"to wish or long for, express a wish to obtain," c. 1200, desiren, from Old French desirrer (12c.) "wish, desire, long for," from Latin desiderare "long for, wish for; demand, expect," the original sense perhaps being "await what the stars will bring," from the phrase de sidere "from the stars," from sidus (genitive sideris) "heavenly body, star, constellation" (but see consider). Related: Desired; desiring.
1670s, "capable of being performed or affected," from French pratiquable (1590s), from pratiquer "to practice," from Medieval Latin practicare "to practice," from Late Latin practicus, ultimately from Greek (see practical). By 1710 as "capable of being actually used."
Possible notes that which may or might be performed if the necessary powers or means can or could be obtained ; practicable is limited to things which may he performed by the means that one possesses or can obtain. [Century Dictionary]
late 14c., "act of obtaining," from Old French acquisicion "purchase, acquirement" (13c., Modern French acquisition) or directly from Latin acquisitionem (nominative acquisitio), noun of action from past-participle stem of acquirere "get in addition, accumulate," from ad "to," here perhaps emphatic (see ad-), + quaerere "to seek to obtain" (see query (v.)). Meaning "thing obtained" is from late 15c. The vowel change of -ae- to -i- in Latin is due to a phonetic rule in that language involving unaccented syllables in compounds.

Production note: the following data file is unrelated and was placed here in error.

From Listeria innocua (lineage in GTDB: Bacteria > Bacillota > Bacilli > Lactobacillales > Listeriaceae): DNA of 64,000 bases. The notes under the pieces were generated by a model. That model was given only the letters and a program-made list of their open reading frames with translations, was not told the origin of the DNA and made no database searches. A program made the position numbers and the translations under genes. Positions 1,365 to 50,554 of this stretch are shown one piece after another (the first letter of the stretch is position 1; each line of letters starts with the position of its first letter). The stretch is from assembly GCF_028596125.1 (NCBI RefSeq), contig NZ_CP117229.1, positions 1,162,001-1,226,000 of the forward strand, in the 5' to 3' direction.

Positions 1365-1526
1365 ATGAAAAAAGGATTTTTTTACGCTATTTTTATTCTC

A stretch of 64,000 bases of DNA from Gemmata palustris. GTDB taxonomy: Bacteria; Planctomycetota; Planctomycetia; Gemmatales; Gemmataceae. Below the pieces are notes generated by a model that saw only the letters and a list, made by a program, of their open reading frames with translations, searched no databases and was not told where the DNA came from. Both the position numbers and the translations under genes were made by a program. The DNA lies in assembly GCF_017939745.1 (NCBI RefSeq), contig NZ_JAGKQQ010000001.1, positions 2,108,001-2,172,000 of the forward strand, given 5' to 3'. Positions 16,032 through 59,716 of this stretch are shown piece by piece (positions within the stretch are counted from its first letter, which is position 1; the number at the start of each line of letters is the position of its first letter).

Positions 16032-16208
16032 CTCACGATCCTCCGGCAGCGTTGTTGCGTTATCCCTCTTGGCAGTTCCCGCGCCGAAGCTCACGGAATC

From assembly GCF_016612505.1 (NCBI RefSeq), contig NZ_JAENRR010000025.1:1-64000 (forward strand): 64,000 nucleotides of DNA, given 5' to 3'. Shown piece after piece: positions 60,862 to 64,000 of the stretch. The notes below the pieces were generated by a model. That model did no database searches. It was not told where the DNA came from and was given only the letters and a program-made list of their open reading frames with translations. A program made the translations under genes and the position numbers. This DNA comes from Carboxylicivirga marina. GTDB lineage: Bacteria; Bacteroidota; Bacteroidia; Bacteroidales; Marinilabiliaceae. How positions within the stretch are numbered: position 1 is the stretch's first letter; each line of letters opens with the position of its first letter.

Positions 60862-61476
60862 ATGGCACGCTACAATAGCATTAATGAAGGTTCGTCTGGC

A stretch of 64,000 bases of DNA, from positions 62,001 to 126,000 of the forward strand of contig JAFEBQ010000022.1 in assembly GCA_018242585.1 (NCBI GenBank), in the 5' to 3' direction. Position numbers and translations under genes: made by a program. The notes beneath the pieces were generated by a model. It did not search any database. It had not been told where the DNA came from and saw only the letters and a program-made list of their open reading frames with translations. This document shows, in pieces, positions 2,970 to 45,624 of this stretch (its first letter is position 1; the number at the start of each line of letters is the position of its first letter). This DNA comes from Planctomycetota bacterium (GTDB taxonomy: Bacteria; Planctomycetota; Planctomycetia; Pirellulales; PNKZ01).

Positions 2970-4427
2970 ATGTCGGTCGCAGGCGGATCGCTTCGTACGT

1816, transitive, "make different; be what distinguishes between," from Medieval Latin differentiatus, past participle of differentiare, from Latin differentia "diversity, difference" (see difference).
Originally a mathematical term, "obtain the differential coefficient of;" intransitive sense of "acquire a distinct and separate character" is by 1874. Non-technical transitive sense of "discriminate between by observing or describing the difference between" is from 1876; earlier, difference had been used as a verb in this sense. Related: Differentiated; differentiating.
c. 1300, minen, "to dig a tunnel under fortifications to overthrow them," from mine (n.1) or from Old French miner "to dig, mine; exterminate," from the French noun. From mid-14c. as "to dig in the earth" (in order to obtain minerals, treasure, etc.). Figurative meaning "ruin or destroy by slow or secret methods" is from mid-14c. Transitive sense of "to extract by mining" is from late 14c. For the sense of "to lay (explosive) mines," see mine (v.2). Related: Mined; mining.
mid-13c., "to desire or wish for inordinately or without regard for the rights of others," from Old French coveitier "covet, desire, lust after" (12c., Modern French convoiter, influenced by con- words), probably ultimately from Latin cupiditas "passionate desire, eagerness, ambition," from cupidus "very desirous," from cupere "long for, desire" (see cupidity). From mid-14c. in a good sense, "desire or wish for eagerly, desire to obtain or possess." Related: Coveted; coveting.